Bill would pay homeless to pick up trash, work on other beautification projects

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OLYMPIA, Wash. — People struggling with homelessness may soon have more opportunities to work in Washington.

A bill proposed in the state legislature, SB 5261, would help homeless people find work picking up trash, weeding and other community outreach projects.

Participants would be paid the state minimum wage – $12-an-hour. They would also have easy access to affordable housing, addiction help, and other services.

The bill would also remove typical barriers such as stringent background checks and permanent housing to secure a job with the program.

Three cities – two on the west side of the state and one on the east side – would be part of the jobs pilot program. The state would match money with city funds up to $250,000.

Sen. Hans Zeiger, R-Puyallup, is the author of the bill. He said the proposal is modeled after successful programs across the West Coast.

“I think the state has a role in helping to create opportunities for folks to get up on their feet so they can become eventually self-sufficient,” Zeiger said. “That should be our goal.”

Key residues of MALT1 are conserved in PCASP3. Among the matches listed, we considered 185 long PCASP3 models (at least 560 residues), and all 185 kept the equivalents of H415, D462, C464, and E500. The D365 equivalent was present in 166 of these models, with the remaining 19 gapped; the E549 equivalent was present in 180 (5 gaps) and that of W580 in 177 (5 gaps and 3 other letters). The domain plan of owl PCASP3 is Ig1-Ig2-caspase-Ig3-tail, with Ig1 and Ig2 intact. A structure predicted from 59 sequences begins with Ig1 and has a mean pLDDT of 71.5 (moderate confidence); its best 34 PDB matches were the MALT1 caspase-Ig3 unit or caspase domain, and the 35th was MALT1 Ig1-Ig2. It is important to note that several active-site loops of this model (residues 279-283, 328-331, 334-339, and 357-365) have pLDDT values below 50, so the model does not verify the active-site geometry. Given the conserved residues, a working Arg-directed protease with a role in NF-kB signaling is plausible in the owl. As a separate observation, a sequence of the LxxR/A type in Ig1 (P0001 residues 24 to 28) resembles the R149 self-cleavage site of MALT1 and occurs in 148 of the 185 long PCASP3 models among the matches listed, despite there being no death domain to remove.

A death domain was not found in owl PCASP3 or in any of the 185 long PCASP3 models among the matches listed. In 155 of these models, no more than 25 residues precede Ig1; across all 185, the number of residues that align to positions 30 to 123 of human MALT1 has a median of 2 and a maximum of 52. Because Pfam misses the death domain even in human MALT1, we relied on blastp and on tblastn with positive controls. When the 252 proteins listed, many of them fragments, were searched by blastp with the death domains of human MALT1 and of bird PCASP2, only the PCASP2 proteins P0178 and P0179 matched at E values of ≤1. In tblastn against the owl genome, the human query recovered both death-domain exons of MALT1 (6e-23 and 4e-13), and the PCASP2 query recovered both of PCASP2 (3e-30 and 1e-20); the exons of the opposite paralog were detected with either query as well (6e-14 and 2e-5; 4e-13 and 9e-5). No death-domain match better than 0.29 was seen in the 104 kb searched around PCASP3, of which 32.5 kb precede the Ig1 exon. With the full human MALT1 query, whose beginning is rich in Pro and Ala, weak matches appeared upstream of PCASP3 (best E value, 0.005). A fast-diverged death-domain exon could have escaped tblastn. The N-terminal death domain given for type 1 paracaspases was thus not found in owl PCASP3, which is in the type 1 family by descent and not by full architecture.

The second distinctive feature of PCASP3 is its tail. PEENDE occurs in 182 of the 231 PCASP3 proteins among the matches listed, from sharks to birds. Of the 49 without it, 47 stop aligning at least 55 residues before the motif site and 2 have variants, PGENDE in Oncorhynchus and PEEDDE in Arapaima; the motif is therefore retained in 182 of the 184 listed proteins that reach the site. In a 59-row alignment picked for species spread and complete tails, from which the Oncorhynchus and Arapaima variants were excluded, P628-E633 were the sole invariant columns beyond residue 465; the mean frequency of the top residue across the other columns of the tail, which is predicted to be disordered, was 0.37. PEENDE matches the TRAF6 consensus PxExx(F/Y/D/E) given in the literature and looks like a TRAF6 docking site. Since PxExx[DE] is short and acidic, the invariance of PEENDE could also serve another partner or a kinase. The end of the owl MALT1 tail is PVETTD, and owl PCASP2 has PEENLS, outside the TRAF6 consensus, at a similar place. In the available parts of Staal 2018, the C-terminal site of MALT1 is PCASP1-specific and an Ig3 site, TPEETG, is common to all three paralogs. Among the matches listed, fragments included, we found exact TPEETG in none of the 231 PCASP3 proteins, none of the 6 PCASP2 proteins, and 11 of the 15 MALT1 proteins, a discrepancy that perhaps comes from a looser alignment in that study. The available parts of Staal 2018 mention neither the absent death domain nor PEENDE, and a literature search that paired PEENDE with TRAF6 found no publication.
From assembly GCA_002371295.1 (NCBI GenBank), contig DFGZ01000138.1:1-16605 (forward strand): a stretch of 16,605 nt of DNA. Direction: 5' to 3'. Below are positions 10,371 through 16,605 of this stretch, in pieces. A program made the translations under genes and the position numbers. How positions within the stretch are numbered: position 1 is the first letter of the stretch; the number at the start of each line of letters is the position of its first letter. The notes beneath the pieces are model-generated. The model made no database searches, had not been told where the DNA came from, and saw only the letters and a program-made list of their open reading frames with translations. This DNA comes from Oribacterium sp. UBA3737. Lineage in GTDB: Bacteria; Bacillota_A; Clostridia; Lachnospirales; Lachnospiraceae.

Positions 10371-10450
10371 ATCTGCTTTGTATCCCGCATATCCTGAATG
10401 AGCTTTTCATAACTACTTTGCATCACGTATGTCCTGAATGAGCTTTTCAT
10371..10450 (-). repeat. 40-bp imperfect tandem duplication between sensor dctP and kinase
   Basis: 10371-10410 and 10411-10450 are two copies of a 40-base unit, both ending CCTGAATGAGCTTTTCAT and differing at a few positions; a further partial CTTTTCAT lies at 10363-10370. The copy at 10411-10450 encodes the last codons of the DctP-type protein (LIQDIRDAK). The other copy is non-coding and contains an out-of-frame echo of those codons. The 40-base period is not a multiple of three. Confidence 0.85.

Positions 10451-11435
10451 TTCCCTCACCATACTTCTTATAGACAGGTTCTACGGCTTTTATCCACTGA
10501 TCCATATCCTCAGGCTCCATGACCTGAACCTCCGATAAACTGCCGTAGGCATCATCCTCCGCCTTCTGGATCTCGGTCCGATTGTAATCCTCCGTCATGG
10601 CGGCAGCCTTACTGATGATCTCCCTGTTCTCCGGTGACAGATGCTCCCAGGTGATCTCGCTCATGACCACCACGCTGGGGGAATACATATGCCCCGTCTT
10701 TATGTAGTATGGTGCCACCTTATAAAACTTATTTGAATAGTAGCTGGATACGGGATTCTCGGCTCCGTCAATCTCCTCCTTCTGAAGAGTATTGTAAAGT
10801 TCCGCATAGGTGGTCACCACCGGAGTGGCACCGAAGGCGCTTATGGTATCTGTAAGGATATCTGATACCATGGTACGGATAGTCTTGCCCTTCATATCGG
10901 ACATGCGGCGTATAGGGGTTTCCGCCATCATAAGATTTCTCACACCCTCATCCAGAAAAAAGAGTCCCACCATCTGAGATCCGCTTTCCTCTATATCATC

Money for the pilot program would be allocated in the state budget. Zeiger said to solve the homelessness crisis, the state needs to prioritize mental health, affordable housing, and employment.

“Very significantly it allows people to have a sense of meaning and dignity and do productive work,” Zeiger said. “No these aren’t long-term jobs were talking about, but it’s a foot in the door to useful employment.”

Zeiger described the jobs as “clean-up type” work.

The pilot program would expire in 2022. Each city would submit a report to the state upon completion of the pilot program.

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